Mr and Mrs E G Vosler and daughters, Mrs Whetzel and Miss Lottie Vosler, are all guests at the Mt Storm summer resort this week.
Dr J F Scott was up yesterday (Tues) and put Mrs J L Moore's limb in plaster paris.
Mr S A Moore, wife and two daughters, of Phillipi, dined at the Mt Storm hotel Mon.
They were returning from a trip to Luray in their auto.
Mr G P Schaeffer was a business caller here Mon.
Mr John Lyon has rheumatism. He is still able to go on crutches.
F O Idleman sold a three year old Belgian colt to Albert Watts the first of the week.
X O X
Rev J Harvey Viser is visiting here.
We have been informed that Charley Iman of Pansy, and a Miss Keplinger, of near Maysville, were married one day last week.
Albert, Will and Arnold Heavener, Richard Kimble, Ben Riggleman, Jacob Armentrout and Minor Dolly were all down from Hopeville Mon.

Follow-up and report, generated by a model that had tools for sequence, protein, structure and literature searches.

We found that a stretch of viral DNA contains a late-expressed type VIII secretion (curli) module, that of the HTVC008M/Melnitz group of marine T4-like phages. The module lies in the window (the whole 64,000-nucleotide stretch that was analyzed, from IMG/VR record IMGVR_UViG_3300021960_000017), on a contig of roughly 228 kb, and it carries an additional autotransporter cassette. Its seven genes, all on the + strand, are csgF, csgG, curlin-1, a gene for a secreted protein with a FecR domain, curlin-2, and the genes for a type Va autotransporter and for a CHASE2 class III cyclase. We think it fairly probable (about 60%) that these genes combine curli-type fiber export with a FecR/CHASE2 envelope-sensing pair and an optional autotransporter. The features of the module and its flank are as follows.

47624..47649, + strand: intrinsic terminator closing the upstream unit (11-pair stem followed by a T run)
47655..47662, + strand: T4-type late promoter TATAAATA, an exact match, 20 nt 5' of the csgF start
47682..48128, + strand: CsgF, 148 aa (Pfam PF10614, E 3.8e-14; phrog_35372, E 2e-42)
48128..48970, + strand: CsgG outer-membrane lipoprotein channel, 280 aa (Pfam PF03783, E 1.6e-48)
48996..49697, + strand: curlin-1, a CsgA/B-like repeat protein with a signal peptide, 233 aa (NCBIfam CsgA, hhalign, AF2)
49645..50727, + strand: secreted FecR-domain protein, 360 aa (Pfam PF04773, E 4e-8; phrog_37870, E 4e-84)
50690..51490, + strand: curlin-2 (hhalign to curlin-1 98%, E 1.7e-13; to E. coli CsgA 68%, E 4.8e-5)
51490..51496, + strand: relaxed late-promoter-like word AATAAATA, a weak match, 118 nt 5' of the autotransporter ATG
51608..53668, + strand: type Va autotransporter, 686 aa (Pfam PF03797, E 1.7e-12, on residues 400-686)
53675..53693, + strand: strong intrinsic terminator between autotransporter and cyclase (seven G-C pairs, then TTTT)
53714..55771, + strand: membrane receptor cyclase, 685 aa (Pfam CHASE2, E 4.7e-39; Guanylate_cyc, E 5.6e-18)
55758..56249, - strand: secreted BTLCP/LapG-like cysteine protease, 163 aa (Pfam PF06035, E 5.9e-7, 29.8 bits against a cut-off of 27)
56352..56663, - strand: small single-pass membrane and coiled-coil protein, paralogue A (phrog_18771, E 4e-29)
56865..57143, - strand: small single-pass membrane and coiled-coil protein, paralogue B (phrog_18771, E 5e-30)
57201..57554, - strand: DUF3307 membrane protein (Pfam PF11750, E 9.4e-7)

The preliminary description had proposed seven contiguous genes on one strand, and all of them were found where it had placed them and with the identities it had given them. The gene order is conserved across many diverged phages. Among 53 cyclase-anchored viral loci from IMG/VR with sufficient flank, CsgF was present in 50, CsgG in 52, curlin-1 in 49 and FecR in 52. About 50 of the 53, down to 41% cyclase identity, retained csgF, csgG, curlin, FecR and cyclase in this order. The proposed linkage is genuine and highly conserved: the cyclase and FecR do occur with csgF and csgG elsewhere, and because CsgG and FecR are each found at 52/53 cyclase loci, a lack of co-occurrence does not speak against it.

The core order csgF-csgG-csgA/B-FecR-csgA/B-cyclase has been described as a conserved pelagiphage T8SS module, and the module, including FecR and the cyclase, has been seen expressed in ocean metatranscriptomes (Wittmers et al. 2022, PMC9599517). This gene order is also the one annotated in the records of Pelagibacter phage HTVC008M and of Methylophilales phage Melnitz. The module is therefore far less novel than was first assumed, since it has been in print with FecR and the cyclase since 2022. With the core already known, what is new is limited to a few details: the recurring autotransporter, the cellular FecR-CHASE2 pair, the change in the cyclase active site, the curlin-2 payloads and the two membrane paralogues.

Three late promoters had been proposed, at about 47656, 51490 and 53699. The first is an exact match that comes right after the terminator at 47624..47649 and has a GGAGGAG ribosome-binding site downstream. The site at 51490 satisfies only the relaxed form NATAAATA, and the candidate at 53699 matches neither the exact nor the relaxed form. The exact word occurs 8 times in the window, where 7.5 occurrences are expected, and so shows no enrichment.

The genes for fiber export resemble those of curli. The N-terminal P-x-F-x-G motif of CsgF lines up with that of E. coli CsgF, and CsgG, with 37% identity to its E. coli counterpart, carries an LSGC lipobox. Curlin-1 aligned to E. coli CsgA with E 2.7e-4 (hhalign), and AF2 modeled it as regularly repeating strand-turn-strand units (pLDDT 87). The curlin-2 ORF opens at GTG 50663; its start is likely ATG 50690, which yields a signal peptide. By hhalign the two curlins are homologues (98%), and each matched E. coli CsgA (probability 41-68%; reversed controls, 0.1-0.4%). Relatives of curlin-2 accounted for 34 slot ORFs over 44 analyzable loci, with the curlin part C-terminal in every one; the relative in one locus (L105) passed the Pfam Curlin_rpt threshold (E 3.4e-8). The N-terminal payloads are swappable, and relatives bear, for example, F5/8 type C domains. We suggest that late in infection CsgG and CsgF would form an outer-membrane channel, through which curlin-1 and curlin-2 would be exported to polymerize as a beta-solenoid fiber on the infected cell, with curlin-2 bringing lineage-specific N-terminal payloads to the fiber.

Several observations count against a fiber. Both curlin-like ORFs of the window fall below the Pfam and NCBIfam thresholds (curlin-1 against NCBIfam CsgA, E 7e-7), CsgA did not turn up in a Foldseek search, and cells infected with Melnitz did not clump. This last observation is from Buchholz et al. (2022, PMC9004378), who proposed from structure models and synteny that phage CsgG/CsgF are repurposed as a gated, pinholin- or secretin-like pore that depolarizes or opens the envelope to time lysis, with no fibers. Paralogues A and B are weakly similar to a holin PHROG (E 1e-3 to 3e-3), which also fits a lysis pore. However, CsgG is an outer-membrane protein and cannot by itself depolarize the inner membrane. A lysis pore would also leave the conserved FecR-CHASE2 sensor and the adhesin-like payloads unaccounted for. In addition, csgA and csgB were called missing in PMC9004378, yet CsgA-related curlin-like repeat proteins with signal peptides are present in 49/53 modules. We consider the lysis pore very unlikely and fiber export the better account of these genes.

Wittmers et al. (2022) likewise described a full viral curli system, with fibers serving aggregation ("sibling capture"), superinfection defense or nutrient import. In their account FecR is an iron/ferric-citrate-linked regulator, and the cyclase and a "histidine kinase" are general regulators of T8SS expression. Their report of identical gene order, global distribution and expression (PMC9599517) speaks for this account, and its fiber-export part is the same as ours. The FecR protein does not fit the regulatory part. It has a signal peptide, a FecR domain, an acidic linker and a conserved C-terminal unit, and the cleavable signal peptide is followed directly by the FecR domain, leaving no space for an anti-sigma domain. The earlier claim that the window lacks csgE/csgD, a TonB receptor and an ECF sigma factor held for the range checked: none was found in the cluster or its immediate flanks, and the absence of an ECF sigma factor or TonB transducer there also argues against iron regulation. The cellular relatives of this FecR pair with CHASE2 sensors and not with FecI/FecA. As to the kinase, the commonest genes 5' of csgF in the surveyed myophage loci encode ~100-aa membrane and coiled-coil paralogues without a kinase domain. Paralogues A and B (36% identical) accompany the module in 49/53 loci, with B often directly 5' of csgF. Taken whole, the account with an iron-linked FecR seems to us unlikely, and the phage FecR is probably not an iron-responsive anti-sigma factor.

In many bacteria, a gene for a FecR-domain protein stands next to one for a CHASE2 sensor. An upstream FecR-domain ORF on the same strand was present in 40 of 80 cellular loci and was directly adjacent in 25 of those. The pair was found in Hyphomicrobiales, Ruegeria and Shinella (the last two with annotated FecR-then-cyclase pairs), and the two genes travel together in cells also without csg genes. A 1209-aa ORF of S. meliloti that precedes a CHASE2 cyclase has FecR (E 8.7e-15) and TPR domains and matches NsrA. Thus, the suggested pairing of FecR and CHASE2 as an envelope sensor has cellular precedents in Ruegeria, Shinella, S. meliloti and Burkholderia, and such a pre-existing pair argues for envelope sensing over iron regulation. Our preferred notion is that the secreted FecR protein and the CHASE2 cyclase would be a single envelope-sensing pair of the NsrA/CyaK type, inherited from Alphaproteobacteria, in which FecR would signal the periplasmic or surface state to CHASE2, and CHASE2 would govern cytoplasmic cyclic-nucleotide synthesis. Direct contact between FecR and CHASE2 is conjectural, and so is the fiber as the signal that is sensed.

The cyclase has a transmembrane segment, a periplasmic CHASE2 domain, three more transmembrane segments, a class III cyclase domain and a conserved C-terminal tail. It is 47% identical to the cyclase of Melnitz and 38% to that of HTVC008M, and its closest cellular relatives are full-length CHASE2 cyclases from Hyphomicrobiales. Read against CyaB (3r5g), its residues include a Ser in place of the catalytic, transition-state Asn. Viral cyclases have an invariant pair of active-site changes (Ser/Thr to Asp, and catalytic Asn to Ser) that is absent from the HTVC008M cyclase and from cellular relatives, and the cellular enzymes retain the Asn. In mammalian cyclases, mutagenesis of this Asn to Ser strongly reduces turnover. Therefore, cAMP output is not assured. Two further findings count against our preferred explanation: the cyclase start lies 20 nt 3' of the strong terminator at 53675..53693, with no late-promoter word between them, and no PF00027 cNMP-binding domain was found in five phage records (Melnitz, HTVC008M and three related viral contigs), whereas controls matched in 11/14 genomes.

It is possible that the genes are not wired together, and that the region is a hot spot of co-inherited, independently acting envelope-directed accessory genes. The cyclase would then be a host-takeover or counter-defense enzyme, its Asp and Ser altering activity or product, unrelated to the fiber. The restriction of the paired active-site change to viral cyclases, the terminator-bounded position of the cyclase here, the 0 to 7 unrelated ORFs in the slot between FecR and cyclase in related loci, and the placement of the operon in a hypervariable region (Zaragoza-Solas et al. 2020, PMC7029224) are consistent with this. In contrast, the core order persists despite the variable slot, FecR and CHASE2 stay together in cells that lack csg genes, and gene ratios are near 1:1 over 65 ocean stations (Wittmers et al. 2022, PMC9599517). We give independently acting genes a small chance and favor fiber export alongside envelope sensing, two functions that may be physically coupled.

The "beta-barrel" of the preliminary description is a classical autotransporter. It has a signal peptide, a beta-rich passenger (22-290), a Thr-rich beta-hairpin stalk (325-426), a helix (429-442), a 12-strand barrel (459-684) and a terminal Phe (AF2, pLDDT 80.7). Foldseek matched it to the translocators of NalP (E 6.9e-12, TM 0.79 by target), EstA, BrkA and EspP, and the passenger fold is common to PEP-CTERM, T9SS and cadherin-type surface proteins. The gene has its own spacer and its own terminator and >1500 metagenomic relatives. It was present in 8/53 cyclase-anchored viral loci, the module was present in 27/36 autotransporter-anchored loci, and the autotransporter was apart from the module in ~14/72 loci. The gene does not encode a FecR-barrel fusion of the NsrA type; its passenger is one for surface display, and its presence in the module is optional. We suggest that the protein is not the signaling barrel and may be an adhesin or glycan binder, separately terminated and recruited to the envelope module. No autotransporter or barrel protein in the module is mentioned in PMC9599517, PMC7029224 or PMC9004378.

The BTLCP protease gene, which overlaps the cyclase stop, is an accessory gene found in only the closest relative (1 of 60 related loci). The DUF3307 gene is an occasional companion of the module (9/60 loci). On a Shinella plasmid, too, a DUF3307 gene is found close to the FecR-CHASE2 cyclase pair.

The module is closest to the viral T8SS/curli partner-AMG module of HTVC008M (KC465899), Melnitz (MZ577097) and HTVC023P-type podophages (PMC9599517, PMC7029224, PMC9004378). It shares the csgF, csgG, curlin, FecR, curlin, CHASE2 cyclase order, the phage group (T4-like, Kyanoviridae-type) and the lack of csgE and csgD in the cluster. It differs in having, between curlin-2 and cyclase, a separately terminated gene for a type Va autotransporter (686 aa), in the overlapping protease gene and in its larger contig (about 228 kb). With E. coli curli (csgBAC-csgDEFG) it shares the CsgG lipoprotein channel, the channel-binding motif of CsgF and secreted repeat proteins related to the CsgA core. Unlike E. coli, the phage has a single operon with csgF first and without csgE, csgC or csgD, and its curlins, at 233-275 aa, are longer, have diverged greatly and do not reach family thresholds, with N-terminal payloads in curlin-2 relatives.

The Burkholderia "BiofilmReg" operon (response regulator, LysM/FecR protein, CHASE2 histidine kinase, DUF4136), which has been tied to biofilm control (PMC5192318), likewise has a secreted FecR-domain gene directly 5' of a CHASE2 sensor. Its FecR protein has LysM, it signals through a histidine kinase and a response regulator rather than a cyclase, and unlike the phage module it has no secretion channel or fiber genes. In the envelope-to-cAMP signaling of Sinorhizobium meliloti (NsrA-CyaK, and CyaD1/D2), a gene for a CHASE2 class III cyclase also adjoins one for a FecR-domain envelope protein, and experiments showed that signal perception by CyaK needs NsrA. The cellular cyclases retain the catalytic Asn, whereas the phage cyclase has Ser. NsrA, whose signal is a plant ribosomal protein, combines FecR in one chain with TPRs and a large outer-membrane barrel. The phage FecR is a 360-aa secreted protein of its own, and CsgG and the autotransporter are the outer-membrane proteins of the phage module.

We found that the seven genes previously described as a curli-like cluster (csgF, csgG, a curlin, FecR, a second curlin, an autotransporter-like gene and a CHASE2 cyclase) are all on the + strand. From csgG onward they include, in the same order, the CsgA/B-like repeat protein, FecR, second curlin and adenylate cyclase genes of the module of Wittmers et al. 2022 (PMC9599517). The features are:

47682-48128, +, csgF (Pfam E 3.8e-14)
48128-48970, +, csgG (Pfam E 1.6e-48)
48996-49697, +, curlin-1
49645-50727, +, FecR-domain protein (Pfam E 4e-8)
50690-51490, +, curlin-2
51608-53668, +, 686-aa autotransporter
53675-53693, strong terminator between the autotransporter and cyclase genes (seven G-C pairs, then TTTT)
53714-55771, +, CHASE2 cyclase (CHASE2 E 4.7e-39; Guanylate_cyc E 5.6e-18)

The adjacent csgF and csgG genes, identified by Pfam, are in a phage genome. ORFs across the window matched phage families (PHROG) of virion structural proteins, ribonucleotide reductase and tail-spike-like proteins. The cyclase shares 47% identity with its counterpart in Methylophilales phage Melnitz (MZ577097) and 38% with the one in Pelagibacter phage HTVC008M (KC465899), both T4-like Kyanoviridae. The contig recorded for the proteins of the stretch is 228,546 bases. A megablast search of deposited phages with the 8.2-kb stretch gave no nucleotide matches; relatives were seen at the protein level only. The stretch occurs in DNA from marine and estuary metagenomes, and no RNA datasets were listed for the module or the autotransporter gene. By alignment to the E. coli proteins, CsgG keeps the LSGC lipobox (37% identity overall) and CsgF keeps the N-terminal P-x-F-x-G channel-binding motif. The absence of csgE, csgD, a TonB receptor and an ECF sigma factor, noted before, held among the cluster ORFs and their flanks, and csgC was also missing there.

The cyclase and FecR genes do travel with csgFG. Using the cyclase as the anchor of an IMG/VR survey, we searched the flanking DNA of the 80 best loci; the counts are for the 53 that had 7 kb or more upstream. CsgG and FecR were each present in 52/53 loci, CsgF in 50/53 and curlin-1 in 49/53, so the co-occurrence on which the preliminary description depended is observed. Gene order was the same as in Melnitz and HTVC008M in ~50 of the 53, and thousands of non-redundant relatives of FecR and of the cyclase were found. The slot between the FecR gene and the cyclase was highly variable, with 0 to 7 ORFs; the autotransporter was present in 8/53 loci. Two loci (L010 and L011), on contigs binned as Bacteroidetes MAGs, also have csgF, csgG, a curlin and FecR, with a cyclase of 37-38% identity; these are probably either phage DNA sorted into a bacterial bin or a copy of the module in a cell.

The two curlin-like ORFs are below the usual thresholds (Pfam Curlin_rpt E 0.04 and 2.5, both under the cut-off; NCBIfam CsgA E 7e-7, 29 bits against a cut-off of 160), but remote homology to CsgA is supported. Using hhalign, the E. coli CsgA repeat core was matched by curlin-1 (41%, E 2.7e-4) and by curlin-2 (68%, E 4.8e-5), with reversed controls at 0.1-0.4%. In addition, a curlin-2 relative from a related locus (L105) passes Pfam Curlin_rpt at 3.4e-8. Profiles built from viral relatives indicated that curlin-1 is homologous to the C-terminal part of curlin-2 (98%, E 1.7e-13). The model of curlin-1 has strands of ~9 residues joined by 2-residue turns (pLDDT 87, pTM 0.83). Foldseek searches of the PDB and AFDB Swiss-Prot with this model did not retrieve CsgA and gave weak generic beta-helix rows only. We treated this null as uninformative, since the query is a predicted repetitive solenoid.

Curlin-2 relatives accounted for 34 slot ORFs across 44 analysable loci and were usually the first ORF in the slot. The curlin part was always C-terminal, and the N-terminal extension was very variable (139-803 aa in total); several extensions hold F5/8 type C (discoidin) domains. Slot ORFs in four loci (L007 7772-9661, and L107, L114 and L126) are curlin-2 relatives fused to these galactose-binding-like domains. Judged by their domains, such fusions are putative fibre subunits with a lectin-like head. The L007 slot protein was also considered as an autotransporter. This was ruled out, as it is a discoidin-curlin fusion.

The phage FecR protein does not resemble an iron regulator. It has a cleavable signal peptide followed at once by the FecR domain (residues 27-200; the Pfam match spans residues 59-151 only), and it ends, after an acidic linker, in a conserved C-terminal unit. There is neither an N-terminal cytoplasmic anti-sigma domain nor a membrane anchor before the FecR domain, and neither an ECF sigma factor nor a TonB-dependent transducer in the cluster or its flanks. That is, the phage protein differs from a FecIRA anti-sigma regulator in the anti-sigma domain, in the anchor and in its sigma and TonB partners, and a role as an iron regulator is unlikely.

C W Shobe returned Mon from Cumberland where he had taken his little son, William, for the purpose of having a growth removed from under his eye lid. The operation was successful and the little fellow is playing about as if nothing had happened.
On Wed Drs Highberger, Moomau and Grove amputated Mrs B C Keplinger's leg above the knee. Mrs Keplinger, who lives in the vicinity of Maysville, has been suffering from gangrene. She is sixty odd years old, and we understand she stood the operation very well.
We have had but little rain for over two weeks, therefore, it is getting quite dry again; yet there is nothing that seems to be suffering except the grass; but the meadows in this neighborhood will yield over a good half crop and some meadows will cut a good average crop.